Acute tubular necrosis (ATN) is a common diagnosis in acute renal failure, which is a rapidly progressing azotemia (increase in BUN/creatinine) that is often reversible. In order to effectively diagnose ATN, understanding the causes is helpful. There are many causes, but the following will be most encountered and associated with the practice of anesthesiology. ATN can be caused by ischemia, which can be encountered in hypovolemia or highly reduced mean arterial pressures. ATN might also be caused by direct renal tubular toxicity from contrast dyes, certain drugs, myoglobinuria, and hemoglobinuria (blood transfusion reaction).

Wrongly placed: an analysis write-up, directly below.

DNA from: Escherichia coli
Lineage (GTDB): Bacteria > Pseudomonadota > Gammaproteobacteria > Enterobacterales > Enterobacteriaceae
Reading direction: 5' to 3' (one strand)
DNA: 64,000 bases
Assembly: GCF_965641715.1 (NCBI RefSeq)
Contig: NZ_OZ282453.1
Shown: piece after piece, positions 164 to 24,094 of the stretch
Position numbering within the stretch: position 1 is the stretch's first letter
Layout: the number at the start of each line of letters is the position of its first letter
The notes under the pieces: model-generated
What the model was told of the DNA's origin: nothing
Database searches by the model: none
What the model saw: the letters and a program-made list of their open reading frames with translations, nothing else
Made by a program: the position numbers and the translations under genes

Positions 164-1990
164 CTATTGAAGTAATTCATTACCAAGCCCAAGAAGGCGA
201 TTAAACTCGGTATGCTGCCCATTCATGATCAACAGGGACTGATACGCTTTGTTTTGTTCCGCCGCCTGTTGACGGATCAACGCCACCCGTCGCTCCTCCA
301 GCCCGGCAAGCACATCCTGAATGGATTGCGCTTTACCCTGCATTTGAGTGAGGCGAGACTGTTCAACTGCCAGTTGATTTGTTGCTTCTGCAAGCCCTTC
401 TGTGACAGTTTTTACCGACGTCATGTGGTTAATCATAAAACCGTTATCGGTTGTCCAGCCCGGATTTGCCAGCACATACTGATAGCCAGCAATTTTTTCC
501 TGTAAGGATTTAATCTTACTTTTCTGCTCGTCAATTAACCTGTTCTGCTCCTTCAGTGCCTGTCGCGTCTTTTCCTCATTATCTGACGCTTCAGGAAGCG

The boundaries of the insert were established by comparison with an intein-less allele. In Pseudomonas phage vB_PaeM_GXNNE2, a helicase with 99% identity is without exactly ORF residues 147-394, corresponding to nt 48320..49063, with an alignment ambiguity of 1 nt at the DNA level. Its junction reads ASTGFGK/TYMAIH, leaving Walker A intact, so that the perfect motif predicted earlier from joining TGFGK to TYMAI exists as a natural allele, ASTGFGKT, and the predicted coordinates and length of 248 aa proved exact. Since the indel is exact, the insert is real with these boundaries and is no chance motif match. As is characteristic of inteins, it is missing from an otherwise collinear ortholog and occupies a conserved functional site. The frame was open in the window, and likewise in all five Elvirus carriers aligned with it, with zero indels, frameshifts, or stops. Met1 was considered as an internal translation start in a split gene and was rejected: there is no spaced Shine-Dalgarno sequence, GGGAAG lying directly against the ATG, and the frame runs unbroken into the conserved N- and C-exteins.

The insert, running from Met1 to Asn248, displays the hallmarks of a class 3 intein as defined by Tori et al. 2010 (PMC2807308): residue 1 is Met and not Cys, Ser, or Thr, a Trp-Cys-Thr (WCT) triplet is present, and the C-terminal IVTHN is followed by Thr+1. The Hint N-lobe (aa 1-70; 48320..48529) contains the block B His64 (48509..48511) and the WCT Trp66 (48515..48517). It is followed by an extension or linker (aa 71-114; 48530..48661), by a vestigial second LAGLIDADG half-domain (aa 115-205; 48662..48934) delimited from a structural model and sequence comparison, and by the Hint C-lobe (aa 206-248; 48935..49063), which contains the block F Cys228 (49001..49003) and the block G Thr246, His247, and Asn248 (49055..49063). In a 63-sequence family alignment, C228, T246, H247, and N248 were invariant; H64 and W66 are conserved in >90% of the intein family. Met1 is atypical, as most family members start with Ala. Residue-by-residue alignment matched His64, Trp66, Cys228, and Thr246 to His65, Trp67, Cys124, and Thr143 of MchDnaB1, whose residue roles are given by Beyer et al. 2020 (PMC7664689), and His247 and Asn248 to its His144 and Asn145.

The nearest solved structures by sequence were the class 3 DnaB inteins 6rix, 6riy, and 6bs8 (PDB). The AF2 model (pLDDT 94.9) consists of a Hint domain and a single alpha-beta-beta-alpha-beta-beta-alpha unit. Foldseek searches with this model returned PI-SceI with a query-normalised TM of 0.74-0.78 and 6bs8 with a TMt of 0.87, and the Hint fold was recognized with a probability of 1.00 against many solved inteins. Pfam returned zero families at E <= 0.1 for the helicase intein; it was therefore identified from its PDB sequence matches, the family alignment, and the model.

Once one has determined that a patient has acute kidney injury, there are various tests to determine if ATN is the cause. One can sometimes visualize epithelial cell casts, muddy brown casts, and even free tubular epithelial cells in urine microscopy (this is not 100% sensitive or specific). One can use the fractional excretion of sodium (FENa) to differentiate between pre-renal AKI and ATN. A FENa above 2% is more indicative of ATN, whereas a FENa of less than 1% is commonly associated with pre-renal disease. The gold standard of differentiating between pre-renal AKI and ATN is response to fluid resuscitation. If a patient is hypovolemic with AKI and fluid resuscitated, the patient’s creatinine should return to its baseline within 24-72 hours if the AKI is pre-renal. The BUN:creatinine ratio can be used to diagnose ATN, although this is less specific. The BUN:Cr ratio is commonly normal (10:1-15:1) with ATN, and it is usually >20:1 in pre-renal AKI. The rise of the patient’s creatinine affected by ATN is commonly more than 0.3-0.5 mg/dL each day (then in reversible disease, the creatinine will peak and trend down). Patients with ATN often lose the ability to concentrate urine, which results in them having normal or larger than expected urine output and a lower urine osmolality (less than 450 mosmol/kg and often less than 350 mosmol/kg).